Cinema Of Iran
It is claimed that the first film made in Iran was of the coronation of Muzaffar al-Din Shah in 1896 photographed by Rusi Khan. However there is no evidence to substantiate the claim. But it is certain that Shah during his visit to Paris in 1900 saw moving pictures, liked them, ordered his official photographer to purchase motion picture equipment. Thus cinema became a diversion for royal court and well-to-do section of the society when it came to Iran (1900).
The early film making in Iran was often supported by the royalty of the time who were interested only in the entertainment value of the medium. Therefore, most of films of this period are news reels of activities, such as various royal and religious ceremonies which were mostly screened in the royal palace. One could see these newsreels at the homes of dignitaries during weddings, circumcision celebrations and birth ceremonies.
Abbass Kiarostami ,1940-2016
In the decade of 1966-1976 of film-making in Iran, various factors provided the production of a large number of feature, documentary, and animated films as well the entrance of many young film-makers into the arena of film-making with fresh, new perceptions and approaches. Some of these factors are the establishment of film schools; National Iranian Television (NIT) in 1969, National Iranian Radio and Television (NIRT) 1972; numerous film festivals; film clubs, such as Kanun Film, Farabi Film Club, the Cinematheque of the Tehran Museum of Contemporary Arts and various film clubs at the universities; film production companies with government assistance, such as Tel Film, Film Industry Development Company of Iran (FIDCI), and the New Film Group; the emergence of foreign trained Iranian film-makers as a collective force which abandoned the traditional film formula, characters and situations; and a new generation of socially conscious writers.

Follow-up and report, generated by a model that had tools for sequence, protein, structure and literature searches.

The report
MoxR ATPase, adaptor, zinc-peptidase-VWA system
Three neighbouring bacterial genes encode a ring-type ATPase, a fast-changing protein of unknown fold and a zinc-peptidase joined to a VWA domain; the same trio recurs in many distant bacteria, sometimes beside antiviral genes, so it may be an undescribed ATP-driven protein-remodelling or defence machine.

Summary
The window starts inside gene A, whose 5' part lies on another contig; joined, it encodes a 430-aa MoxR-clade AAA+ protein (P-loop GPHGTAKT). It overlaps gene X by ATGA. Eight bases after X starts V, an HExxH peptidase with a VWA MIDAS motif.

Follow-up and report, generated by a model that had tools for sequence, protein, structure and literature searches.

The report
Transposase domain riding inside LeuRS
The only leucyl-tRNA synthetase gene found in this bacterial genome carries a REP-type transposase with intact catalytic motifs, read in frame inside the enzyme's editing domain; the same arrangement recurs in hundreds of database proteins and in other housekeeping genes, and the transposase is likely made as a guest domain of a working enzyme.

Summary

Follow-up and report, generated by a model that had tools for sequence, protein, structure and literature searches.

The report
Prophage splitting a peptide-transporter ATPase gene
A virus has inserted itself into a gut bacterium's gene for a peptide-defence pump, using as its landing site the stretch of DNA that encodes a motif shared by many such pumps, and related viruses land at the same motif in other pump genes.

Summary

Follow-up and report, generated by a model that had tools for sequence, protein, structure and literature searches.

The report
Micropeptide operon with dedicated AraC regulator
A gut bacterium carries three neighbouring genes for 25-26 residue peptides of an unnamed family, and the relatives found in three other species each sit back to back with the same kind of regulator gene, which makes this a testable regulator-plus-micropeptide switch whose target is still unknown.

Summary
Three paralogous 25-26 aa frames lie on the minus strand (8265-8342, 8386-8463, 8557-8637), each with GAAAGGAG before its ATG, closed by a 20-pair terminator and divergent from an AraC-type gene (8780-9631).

The school of Television and Cinema was established in Tehran in 1969. It was fully financed and supported by the government of Iran through the NIRT (National Iranian Radio and Television). After passing the entrance exam, the students went through a technical training period of two years along with their regular courses of study which related one way or another to film-making. All expenses were paid by the government. Included were the use of film equipment, raw stock, processing, animation materials, and the student's housing and board costs, plus a stipend of about $300 a month. In return, students were required to work for the government after their graduation for a period of five years as a camera-person, soundperson etc., usually at NIRT in Tehran or its branches in the other cities.
Following the Iranian Islamic revolution of 1979 and the inauguration of the Islamic Republic, many predicted that new restrictions would kill off Iran's cinema. But Iranian film has survived, undergoing remarkable transformations in parallel with the wider changes in Iranian culture and society. Today, Iranian cinema is recognized as one of the most innovative and exciting in the world, and films from Iranian directors are being screened to increasing acclaim at international festivals. The key to resolving the apparent contradiction between Iran's repressive image and the renaissance of Iranian cinema is to understand the relationship that developed between art, society and the state after the Islamic revolution.